The Mingo County Commission appointed a new prosecuting attorney and county commissioner during a meeting Wednesday.
Commissioners chose Mike Carter for county commissioner and Teresa Maynard for prosecuting attorney.
In October, commissioners appointed Maynard to be temporary prosecuting attorney for 30 days. She replaced former prosecutor Michael Sparks, who resigned amidst a federal investigation. Federal prosecutors accused Sparks of depriving a man of his constitutional rights. Sparks is expected to plead guilty to that charge later this month.
Formerly, Maynard served as the office's only assistant prosecuting attorney under Michael Sparks. She focused on abuse and juvenile cases.
"I think I am the best candidate for the job at this time," Maynard said. "And I think I've proved myself in the last 30 days."
Commissioners have said there is no pending legal action involving Maynard.
Besides Maynard, three assistant prosecuting attorneys work in the office.
The Office of Disciplinary Counsel confirmed there are open disciplinary complaints against Chandler and another prosecuting attorney, Wesley White. Former assistant prosecuting attorney Matthew Chandler resigned the same day Maynard nabbed the temporary gig.
Commissioner 'Hootie' Smith practices law with Chandler. Smith said Chandler resigned to avoid "the appearance of impropriety."
Maynard said she's aware of White's complaint but believes the situation stems from an unrelated situation.
Carter is a retired coal miner who sat on the Mingo County Board of Education for several years. He was one of 14 candidates who applied for the post.
Carter replaces former commissioner Dave Baisden, who pleaded guilty to a federal extortion charge in October. Federal prosecutors also named Baisden in a separate corruption case.
"One of the things about Mike [Carter] is his character and his integrity," Smith said. "I believe Mike Carter is not someone who is perceived as a political person."
According to Smith, Carter hopes to prioritize job creation in an area ransacked by coal layoffs. Due to a prior engagement, Carter was sworn in after the commission meeting.
The Mingo County Commission called an emergency meeting Thursday to appoint a temporary prosecuting attorney.
Commission President John Hubbard and Commissioner Hootie Smith chose Teresa Maynard to fill in for the next 30 days.
Maynard, of Lenore, WV, has previously worked as assistant prosecuting attorney since 2008. She joined the Mingo County Prosecutor's Office in 2005.
Former Mingo County Prosecutor Michael Sparks submitted his resignation Wednesday after Assistant U.S. Attorney Steven Ruby filed information in federal court.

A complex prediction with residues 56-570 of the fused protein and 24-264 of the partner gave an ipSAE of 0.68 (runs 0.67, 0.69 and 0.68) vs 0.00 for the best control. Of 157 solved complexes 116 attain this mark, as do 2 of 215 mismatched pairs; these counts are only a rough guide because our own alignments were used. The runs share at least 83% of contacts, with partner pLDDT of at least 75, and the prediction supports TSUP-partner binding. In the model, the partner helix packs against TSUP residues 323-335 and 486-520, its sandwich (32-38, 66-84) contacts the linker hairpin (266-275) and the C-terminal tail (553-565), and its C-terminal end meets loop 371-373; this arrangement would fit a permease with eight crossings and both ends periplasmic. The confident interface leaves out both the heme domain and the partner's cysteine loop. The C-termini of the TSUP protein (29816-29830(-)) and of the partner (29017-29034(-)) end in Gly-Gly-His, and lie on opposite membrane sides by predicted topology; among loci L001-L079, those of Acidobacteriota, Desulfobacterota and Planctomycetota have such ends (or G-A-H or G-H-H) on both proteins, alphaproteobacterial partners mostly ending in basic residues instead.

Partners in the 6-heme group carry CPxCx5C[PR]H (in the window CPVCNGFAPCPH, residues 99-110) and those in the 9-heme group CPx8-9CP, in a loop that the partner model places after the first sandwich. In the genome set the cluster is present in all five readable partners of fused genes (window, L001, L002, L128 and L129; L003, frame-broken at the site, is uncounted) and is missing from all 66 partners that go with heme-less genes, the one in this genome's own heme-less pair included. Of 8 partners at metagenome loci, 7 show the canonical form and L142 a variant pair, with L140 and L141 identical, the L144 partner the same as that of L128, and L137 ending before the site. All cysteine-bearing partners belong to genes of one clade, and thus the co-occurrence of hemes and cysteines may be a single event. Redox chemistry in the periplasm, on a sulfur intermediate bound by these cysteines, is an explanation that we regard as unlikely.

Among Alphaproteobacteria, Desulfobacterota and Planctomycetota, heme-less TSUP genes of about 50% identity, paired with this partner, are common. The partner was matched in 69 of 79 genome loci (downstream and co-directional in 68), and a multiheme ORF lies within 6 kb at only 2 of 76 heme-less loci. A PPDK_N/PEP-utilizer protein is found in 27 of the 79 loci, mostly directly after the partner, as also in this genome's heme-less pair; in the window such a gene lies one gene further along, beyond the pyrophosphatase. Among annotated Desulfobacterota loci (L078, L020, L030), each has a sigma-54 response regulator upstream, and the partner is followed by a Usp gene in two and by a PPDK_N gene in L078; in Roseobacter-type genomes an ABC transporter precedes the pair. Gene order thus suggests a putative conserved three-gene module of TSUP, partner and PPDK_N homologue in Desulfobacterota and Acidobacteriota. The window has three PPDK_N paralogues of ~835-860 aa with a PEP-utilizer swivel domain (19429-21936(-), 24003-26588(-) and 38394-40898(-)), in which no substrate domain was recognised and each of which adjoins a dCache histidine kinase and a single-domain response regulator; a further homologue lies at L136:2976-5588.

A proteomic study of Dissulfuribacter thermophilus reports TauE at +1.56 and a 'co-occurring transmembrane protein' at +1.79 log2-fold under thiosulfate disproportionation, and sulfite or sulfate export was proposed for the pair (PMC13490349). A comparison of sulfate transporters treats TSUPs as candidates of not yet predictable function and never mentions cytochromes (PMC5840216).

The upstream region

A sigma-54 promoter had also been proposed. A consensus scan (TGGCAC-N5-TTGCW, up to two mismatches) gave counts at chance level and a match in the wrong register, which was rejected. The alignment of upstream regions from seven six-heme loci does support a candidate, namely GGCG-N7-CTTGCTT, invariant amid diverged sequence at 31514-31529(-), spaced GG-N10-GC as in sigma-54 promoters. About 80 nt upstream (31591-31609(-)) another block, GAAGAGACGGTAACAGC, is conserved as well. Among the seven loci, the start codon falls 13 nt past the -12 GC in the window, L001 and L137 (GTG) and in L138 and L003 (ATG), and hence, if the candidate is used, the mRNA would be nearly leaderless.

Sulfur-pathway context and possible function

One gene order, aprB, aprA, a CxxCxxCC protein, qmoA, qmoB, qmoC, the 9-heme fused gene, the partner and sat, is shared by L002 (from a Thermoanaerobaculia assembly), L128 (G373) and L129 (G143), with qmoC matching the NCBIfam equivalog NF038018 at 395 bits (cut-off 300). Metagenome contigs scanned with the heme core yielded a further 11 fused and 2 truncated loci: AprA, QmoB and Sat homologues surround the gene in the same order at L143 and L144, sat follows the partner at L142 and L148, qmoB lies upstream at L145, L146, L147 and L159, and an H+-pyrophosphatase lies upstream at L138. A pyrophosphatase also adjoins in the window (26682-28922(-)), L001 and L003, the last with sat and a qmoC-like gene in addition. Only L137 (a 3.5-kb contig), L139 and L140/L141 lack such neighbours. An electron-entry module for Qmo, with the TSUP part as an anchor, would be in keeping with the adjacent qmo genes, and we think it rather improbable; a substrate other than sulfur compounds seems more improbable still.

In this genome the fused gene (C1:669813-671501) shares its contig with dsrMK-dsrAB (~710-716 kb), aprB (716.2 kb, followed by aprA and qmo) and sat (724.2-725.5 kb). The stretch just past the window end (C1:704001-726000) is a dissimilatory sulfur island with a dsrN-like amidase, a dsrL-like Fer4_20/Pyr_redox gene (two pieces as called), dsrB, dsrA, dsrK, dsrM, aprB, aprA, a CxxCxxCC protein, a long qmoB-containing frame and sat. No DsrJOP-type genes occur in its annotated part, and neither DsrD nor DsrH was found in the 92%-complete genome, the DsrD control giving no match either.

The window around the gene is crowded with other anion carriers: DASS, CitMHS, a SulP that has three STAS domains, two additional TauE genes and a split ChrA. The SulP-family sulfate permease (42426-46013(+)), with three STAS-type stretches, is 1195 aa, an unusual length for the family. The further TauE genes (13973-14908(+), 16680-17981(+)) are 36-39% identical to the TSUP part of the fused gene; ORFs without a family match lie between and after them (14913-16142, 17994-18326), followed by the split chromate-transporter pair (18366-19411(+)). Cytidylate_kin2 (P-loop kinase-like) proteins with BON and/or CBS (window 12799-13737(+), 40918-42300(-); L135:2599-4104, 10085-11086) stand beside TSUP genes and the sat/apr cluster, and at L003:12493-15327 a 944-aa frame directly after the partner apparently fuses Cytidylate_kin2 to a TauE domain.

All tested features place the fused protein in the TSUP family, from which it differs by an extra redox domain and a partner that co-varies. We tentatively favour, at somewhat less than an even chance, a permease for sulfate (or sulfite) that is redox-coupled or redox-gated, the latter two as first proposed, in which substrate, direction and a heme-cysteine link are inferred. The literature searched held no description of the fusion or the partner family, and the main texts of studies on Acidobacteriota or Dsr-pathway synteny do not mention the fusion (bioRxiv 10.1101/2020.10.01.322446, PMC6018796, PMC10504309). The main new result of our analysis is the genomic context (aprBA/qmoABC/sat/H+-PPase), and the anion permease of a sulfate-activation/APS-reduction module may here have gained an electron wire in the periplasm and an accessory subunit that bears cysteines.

Through the information, federal prosecutors charged Sparks with depriving a man of his constitutional rights.
Sparks' resignation is effective 11:59 p.m. Thursday.
Maynard admitted she was entering an office with a tainted reputation.
"I think the reputation of our office has been damaged, but we have a good solid work force in our office," she said.
Maynard graduated from the West Virginia University College of Law in 1995 after first receiving her undergraduate degree from the school in 1992.
As assistant prosecuting attorney, she focused on cases dealing with children and sexual abuse.
Smith said first contacted the West Virginia Attorney General's Office about handling the prosecutor's responsibilities until the commission selected an interim prosecutor.
"Our goal is to be transparent and restore faith in people's government," Smith said.
The commissioner said legal issues prevented Attorney General Patrick Morrissey and his staff from assuming responsibility immediately. Smith said he also sought legal and ethical advice from the West Virginia Prosecuting Attorney's Institute about how to properly fill the position.
Maynard said the commissioners approached her last night, asking her to consider the appointment. They voted on the decision Thursday during the emergency meeting. Minutes later, she took her oath.
The commission will accept applications for an interim prosecutor until Nov. 1. The next appointed prosecutor will remain in office until the primary election in May.
During the meeting, one person questioned the commission's appointment.
Smith told the crowd there was no pending legal action against Maynard.
Amidst several resignations and an ongoing federal investigation, Maynard said she is confident she can carry out her duties as prosecutor.
"I don't think anyone who knows me thinks there's a cloud hanging over me," she said.